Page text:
So far I have only done one book review on this blog. I read more than that of course, I just stick to talking about books that echo the themes of this blog. The novel Ready Player One by Ernest Cline does just that.
Ready Player One is one of the latest young adult dystopian books, though not as sick and twisted as the highly overrated Hunger Games. It is set in the 2040’s when gas is so scarce that everyone abandons the suburbs for the big cities, but the cities don’t have room. Oklahoma City comes up with the idea to build high rise trailer parks. The books protagonist 17 year old Wade lives in the laundry room of a double wide, occupied by his aunt, her latest boyfriend, and two other families.
But Wade spends most of his time hiding in an abandoned van in a junk yard which he powers with a bicycle powered generator. He jacks into a 3D Virtual World called OASIS, which thanks to technology allowing thousands of players to play in an area lag free, OASIS has become the 3D internet. Wade attends a virtual high school, getting a better education than he would in an overcrowded school he lives in.
You can probably understand why I like this book so much. The world is very similar to Snow Crash in that there are two worlds, a dystopian stink hole called the real world, and a utopian paradise everyone prefers to live in. Ready Player One has a distinct advantage over Snow Crash, however, 20 years of hindsight. Many of the conceptual ideas of the “Metaverse” in Snow Crash seem rather dumb with today’s technology. OASIS, on the other hand, seems plausible if you take today’s technology and project it forward three decades.
A major theme of the book is the difference between the online world and the real world. Our avatar personification vs. who we really are; Living in a fantasy world vs. dealing with the real world. I have delved deeper than the novel has on these topics, but the novel does a good job dealing with them.
The central plot involves the creator of OASIS, a game designer turned multibillionaire who upon his death wills nearly the entirety of his estate, including control of OASIS to whoever can solve the hidden puzzle he left behind hidden somewhere in the OASIS world.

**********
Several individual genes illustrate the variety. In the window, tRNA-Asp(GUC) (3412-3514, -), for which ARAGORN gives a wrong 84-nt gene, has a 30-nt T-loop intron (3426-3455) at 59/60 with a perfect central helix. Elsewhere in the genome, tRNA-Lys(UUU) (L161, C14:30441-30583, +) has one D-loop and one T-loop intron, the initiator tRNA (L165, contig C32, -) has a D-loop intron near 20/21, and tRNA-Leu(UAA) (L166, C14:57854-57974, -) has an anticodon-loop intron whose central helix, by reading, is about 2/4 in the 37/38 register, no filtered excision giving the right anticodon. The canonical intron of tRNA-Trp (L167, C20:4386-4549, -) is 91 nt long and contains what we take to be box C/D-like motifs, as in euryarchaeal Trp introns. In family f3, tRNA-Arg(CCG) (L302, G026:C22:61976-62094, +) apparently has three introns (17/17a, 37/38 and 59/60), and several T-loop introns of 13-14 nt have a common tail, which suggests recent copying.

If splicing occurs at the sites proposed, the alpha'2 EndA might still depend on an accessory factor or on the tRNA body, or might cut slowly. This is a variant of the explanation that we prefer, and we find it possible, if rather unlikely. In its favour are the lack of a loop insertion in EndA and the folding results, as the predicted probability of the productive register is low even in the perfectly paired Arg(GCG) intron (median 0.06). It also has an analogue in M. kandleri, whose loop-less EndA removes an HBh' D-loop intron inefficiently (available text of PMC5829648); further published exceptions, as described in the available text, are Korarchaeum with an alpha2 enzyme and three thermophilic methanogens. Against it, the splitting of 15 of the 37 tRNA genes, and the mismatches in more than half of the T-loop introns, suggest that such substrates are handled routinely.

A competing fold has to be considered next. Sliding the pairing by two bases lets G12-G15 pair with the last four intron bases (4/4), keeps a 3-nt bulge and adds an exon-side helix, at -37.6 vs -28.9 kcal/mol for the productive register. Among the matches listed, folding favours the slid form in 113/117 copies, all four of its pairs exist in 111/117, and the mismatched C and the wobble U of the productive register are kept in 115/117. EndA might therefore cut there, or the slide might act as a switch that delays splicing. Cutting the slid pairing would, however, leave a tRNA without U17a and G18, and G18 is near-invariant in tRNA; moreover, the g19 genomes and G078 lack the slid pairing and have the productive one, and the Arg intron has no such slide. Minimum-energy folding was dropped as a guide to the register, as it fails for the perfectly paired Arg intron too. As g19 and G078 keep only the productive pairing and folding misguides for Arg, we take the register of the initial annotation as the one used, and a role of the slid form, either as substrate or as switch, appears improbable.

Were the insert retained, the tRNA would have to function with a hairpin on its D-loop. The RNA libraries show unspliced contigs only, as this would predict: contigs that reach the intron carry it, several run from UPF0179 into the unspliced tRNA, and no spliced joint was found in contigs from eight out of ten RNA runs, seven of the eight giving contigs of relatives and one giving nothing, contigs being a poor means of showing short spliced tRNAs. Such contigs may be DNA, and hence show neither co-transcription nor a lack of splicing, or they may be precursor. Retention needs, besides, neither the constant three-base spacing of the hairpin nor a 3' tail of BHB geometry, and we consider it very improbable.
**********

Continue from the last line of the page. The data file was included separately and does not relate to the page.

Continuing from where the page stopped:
With such a huge prize everyone goes out looking for it, but the puzzle is so well hidden, that 5 years go by before anyone manages to discover the beginning of the puzzle (which has 6 parts, 3 keys and 3 gates). The person who discovers it is Wade.
I have mentioned a couple of times how different the world will get once energy starts to get scarce, and how gaming will become a welcome escape from that reality. Here is a book that echoes that theme in a very entertaining way.
There is another interesting part I have yet to mention. It seems that the mad gaming designer grew up during the 1980’s, and is obsessed with the books, games, comics, music and movies of that decade. Solving the central puzzle requires expert knowledge of this material, and the players dedicated to solving the puzzle have to become experts on the 1980’s pop culture. Lots of this novel is filled with references to the ’80s. Being someone who grew up in the 80’s as well, I got all the references and knew all the songs referenced in the novel.
This unfortunately may be the biggest negative of the book, there is too much 80’s references which are likely to get lost on kids who grew up in later decades. Since this is a “young adult” novel aimed at teen audiences, I’m not sure how well it will go over with the target audience. But it did go over well with me. Ernest Cline created an “official soundtrack” here if you want to hear many of the songs referenced in the novel. You might also want to familiarize yourself with the movies WarGames, Ladyhawke, Blade Runner, and Monty Python and the Holy Grail if you don’t already know them (If you don’t then shame on you, they are classics). There are major references to the games Pac Man, Tempest, Joust, Adventure, Black Tiger, Dungeons of Daggorath and Zork, too.
Since this book seems like it was written specifically for me, I ran through it in a few days time. General audiences may not be as well versed in these subjects as I am, though the author does spend a lot of time explaining things for the general reader’s benefit (mostly unnecessary in my case).
The book is currently available hard copy and e-book via links at the Official Site, paperback and cheaper e-books coming in June.